UNCOVERING FUNDAMENTAL MECHANISMS OF ACTOMYOSIN CONTRACTILITY USING ANALYTICAL THEORY AND COMPUTER SIMULATION
Komianos, James Eric
Papoian, Garegin A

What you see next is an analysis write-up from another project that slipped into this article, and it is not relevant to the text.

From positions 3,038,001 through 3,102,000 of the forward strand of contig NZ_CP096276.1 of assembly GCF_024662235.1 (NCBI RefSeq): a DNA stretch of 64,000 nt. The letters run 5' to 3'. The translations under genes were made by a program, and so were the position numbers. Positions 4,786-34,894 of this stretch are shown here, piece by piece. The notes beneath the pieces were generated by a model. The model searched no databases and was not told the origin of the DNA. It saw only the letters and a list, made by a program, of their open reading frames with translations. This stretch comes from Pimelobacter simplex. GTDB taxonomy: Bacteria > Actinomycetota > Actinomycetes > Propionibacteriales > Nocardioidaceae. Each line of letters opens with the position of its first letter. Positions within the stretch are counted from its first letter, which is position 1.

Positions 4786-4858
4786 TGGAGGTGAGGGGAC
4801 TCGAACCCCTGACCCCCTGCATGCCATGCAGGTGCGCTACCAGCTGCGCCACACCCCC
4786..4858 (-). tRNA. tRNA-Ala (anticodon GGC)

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Actomyosin contractility is a ubiquitous force-generating function of almost all eukaryotic organisms. While more understanding of its dynamic non-equilibrium be- havior has been uncovered in recent years, little is known regarding its self-emergent structures and phase transitions that are observed in vivo. With this in mind, this thesis aims to develop a state-of-the-art computational model for the simulation of actomyosin assemblies, containing detailed cytosolic reaction-diffusion processes such as actin filament treadmilling, cross-linker (un)binding, and molecular motor walking. This is explicitly coupled with novel mechanical potentials for semi-flexible actin filaments. Then, using this simulation framework combined with other ana- lytical approaches, we propose a novel mechanism of contractility in a fundamental actomyosin structural element, derived from a thermodynamic free energy gradi- ent favoring overlapped actin filament states when passive cross-linkers are present. With this spontaneous cross-linking, transient motors such as non-muscle myosin II can generate robust network contractility in a collective myosin II-cross-linker ratcheting mechanism. Finally, we map the phases of contractile behavior of disor- dered actomyosin using this theory, showing explicitly the cross-linking, motor and boundary conditions required for geometric collapse or tension generation in a net- work comprised of those elements. In this theory, we move away from the sarcomeric contractility mechanism typically reconciled in disordered non-muscle structures. It is our hope that this study adds theoretical knowledge as well as computational tools to study the diverse contractile assemblies found in non-muscle actomyosin networks.